Ms. Herseth Sandlin. I don't see her here, and I wish I 
would have asked her this question when she was on the prior 
panel, but Ms. Machetta said that there is room for more 
National Guard. Oh, is she still here? There she is. I just 
want that concern for the record.
    Ms. Machetta. Absolutely.
    Ms. Herseth Sandlin. So we're going to have you come down 
here, perhaps? Do you mind if we have Ms. Machetta come back 
down?
    If there is room for more part-time Guards to participate? 
If there is a flexibility to provide those, not just at 
Ellsworth, but perhaps in Sioux Falls, I would think this is 
something, like you said, it increases the efficiency of the 
program.
    Mr. Fillman, you have a comment?
    Mr. Fillman. Yes, ma'am. This is not unique to South 
Dakota. This is a problem nationwide. When the Guard Reserve 
come back and they transition back from military service, as 
you heard earlier, they're ready to go home. They don't want to 
stay for the TAP briefings.
    In the Guards, that presents a unique problem, because 
they're out in the various communities. And so we try to work 
with the Adjunct General's office in each State to make sure 
they're aware that we will provide service wherever--whenever 
it is requested, and if they would have a meeting on a weekend 
or would like us to bring a lobbyist over there, we would be 
very happy to do that.
    Ms. Herseth Sandlin. I appreciate that, Mr. Fillman.
    Ms. Machetta, do you want to make a statement on the 
official record?
    Ms. Machetta. Yes. We put a lot of our Web sites--all of 
our information out on a Web site that is worldwide now. People 
can reach that. Having spent 8 years in the Guard in the 
beginning of my career, I've always felt that that was really 
important.
    We have room for at least 10 to 15 part-time Guard members 
and their spouses to come every month. Some months there's even 
room for more. And we can afford the opportunity to maybe have 
some TDYs, if necessary. We can work out funding for that if 
that would be helpful to maybe provide one in Pierre once in a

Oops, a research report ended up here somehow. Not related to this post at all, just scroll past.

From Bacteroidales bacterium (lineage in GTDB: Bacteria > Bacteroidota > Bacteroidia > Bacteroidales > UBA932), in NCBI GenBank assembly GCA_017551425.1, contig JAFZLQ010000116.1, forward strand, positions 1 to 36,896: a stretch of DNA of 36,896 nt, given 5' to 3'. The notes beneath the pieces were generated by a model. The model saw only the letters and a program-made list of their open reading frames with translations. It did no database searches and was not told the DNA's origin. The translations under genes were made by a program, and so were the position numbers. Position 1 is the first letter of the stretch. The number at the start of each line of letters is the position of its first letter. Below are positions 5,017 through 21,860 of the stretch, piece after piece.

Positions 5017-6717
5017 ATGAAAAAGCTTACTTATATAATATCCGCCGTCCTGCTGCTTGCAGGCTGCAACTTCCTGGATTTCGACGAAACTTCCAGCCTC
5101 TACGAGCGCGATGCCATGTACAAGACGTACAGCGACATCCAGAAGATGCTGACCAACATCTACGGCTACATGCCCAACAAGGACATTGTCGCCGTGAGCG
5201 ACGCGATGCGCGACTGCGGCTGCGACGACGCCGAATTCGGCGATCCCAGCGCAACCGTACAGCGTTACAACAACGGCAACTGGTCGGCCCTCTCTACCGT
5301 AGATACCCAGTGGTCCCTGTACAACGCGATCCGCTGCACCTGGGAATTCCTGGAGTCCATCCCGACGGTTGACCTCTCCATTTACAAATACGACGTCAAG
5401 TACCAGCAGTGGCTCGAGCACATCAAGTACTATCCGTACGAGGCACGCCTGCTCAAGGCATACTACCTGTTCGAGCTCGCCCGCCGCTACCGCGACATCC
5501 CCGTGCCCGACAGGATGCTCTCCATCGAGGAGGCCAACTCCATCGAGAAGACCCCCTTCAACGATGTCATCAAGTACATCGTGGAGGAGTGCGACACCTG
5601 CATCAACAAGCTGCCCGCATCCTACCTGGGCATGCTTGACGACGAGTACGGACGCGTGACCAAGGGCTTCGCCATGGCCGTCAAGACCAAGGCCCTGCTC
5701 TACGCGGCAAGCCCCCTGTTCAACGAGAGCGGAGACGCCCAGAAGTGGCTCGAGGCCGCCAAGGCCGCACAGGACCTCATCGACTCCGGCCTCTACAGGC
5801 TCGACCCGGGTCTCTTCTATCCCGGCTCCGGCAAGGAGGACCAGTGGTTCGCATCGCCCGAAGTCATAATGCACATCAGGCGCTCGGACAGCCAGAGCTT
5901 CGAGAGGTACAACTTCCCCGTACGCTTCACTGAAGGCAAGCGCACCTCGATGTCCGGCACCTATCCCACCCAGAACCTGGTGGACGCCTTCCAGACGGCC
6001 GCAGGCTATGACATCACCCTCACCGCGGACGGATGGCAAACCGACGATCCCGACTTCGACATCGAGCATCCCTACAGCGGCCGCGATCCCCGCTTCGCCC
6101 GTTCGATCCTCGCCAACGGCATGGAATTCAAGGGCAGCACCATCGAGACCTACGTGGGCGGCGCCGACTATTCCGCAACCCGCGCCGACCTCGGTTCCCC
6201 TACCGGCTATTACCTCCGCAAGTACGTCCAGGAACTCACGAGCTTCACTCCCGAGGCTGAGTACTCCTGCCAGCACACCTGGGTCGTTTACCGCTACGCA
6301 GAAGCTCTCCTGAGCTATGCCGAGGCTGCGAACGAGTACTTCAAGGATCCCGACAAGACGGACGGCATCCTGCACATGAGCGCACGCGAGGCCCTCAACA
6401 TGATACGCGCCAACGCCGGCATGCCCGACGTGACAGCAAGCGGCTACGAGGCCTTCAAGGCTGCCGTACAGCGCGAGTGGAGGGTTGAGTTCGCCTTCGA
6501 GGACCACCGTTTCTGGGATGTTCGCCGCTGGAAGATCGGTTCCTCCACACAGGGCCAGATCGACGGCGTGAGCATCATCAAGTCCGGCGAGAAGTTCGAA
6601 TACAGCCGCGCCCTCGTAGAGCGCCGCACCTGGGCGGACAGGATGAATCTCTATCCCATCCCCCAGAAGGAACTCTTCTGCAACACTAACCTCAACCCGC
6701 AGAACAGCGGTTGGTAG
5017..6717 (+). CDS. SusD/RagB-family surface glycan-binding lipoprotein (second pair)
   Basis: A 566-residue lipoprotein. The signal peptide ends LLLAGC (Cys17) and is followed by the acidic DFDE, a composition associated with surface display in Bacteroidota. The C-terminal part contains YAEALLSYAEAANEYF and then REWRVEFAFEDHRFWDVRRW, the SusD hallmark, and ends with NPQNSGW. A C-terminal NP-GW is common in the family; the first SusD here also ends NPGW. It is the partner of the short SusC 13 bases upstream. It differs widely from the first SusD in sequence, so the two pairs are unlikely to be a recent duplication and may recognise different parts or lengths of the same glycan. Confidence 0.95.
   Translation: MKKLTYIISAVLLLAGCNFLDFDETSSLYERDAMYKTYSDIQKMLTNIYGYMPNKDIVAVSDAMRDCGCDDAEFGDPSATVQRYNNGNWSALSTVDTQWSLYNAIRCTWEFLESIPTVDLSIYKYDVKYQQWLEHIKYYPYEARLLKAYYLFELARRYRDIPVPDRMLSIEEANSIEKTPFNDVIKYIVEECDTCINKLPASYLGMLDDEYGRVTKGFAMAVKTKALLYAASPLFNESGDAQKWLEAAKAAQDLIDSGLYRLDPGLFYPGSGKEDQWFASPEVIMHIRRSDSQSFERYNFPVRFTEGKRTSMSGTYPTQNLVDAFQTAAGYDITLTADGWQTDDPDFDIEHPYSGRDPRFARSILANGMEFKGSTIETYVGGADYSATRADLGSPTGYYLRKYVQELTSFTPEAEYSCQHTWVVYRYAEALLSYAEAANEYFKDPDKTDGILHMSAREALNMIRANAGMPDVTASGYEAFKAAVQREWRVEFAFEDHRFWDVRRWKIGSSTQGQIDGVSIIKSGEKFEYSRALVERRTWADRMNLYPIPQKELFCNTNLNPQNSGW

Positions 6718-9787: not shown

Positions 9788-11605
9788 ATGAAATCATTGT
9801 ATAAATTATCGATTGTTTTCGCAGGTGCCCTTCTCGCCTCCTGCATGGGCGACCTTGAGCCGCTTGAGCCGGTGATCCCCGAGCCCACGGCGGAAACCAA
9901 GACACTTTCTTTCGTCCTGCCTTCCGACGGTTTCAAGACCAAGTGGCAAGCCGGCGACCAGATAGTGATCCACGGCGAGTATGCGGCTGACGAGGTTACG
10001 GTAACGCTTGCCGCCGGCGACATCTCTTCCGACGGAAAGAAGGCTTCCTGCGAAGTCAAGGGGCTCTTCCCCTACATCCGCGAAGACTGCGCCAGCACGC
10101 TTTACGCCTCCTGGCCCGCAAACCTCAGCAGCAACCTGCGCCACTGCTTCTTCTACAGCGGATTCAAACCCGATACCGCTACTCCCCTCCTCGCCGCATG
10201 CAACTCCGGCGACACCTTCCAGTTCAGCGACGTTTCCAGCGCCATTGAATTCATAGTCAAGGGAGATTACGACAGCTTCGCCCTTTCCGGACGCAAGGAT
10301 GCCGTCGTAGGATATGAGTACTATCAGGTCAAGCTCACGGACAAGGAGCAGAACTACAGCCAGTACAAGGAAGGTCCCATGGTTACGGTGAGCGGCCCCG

while, one in South Dakota, maybe over in Sioux Falls.
    If we put our heads together, I'm sure there are ways to 
reach it. But the big thing is the people have to know the 
benefits are out there, some of it, or there's no reason to 
ever increase it. So the word of mouth is really a critical 
part, and then from there I think we can take care of it. Even 
just training our folks from the same, you know, sister 
agencies. It doesn't have to be me. It doesn't have to be any 
one of us teaching it. We just have to have good quality of 
information to get out.
    Ms. Herseth Sandlin. I appreciate that.
    Mr. Boozman, did you have any questions for the panel?
    Mr. Boozman. Thank you, Madam Chair.
    Mr. McWilliam, I appreciate--we've been working on this now 
for several years, and I really do appreciate your working hard 
to try and increase the numbers in the Transition Assistance 
Program. I know you've worked really hard at doing that.
    You mentioned that we have 60-percent active, but the goal 
is 80 percent. I think the Marines is mandatory, and yet, 
theirs is not anywhere near a hundred percent.
    I guess my question is, where do we go from here? You know, 
we've--one of the major things that we've overcome that came up 
a few years ago was the retention thing. The military was very 
concerned that if you told them about civilian benefits, they 
were going to leave.
    And yet what we're finding, Mike was saying that, in the 
Navy, they found a 30-percent retention rate once they went out 
and they were comparing what they had in the military versus 
when they got out, not realizing because they hadn't heard of 
those benefits since they were recruited.
    I guess, like I said, my questions are: Where do we go from 
here? What do we need to do? What help can we give you to push 
it forward? Is it just the fact that we're at war and stretched 
thin or is it--where do you see kind of the underlying 
structural things? It seems like everybody has bought into this 
now, but why aren't we getting it done?
    Mr. McWilliam. Mr. Boozman, as you mentioned, there has 
been an agreement with the Department of Defense to reach a 
goal of 85 percent that has been briefed at the highest levels 
within DoD. The service secretaries or the service chiefs have 
all had to present a plan to the Deputy Secretary of Defense on 
how they will achieve that record, that number, and they are 
moving toward that.
    There is a Department of Defense memorandum that says once 
a servicemember elects to attend TAP, they have to be allowed 
to attend. So that's very positive. That's been out for over a 
year.
    I think, for the Reservists, the Yellow Ribbon 
Reintegration Program is very good. It has the mandatory 30-, 
60-, and 90-day unit assemblies; and TAP employment workshops 
are specifically mentioned as one of the services to be 
provided.
    I think the Department of Defense is working very hard on